Ties surface between chief suspect in the Fort Hood rampage and a jihadist cleric in Yemen, giving impetus to arguments that the tragedy was a terrorist act.
Fort Hood, Texas
The possibility that the Fort Hood shootings are both "an isolated incident," as the base commander here described them, and a terrorist attack is becoming increasingly real as more information emerges about alleged perpetrator Maj. Nidal Malik Hasan.
Major Hasan's antiwar statements and his deepening grudge with the Army over its refusal to discharge him led many analysts to suggest initially that last Thursday's attack was the act of a desperate and perhaps mentally ill individual. On Monday, Lt. Gen. Robert Cone, the Fort Hood commander, called the rampage, which killed 13 people and wounded 29, "an isolated incident."
But emerging connections between Hasan and a radical Muslim cleric, echoing reports from US intelligence officials that Hasan had attempted to contact "people associated with Al Qaeda," are fueling speculation within the government that the attack is in fact an act of terror aimed at the heart of a US military poised to further ramp up operations in Afghanistan.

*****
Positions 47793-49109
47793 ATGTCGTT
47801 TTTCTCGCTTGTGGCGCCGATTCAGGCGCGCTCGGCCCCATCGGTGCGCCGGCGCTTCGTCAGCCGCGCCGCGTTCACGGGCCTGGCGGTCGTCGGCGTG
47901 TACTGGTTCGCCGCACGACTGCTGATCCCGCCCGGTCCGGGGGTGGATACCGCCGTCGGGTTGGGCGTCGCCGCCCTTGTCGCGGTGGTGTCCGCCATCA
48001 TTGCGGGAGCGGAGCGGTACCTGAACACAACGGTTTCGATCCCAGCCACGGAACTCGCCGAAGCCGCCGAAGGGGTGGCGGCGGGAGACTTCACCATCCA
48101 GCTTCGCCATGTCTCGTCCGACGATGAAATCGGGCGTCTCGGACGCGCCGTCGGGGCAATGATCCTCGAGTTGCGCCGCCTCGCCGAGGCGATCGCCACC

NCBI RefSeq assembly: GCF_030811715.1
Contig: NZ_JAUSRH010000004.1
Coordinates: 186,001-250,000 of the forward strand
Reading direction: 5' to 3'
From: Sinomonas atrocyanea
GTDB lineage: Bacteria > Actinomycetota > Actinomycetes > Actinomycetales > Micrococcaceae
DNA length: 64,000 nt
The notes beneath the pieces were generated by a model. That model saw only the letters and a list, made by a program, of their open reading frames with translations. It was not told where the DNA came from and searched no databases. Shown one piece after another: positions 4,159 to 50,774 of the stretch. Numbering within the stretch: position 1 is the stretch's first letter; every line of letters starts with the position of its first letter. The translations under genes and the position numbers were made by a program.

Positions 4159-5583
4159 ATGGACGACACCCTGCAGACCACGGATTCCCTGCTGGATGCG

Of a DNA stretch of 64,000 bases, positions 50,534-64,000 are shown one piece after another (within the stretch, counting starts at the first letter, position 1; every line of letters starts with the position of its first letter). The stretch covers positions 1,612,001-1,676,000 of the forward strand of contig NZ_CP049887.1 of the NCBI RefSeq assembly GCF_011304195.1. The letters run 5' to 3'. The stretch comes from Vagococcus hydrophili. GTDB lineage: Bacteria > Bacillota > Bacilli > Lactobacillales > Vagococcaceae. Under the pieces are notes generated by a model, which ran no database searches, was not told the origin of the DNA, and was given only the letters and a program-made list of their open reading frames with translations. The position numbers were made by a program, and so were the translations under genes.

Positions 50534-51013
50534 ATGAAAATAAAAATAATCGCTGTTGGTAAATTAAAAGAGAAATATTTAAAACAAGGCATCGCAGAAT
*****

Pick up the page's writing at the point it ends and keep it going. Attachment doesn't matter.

If it turns out that Hasan had political motivations for his brutally precise attack on fellow soldiers at the Fort Hood Soldier Readiness Processing Center, then the rampage would qualify as the biggest terrorist attack on US soil since 9/11, Sen. Joe Lieberman of Connecticut, an Independent, said Sunday.
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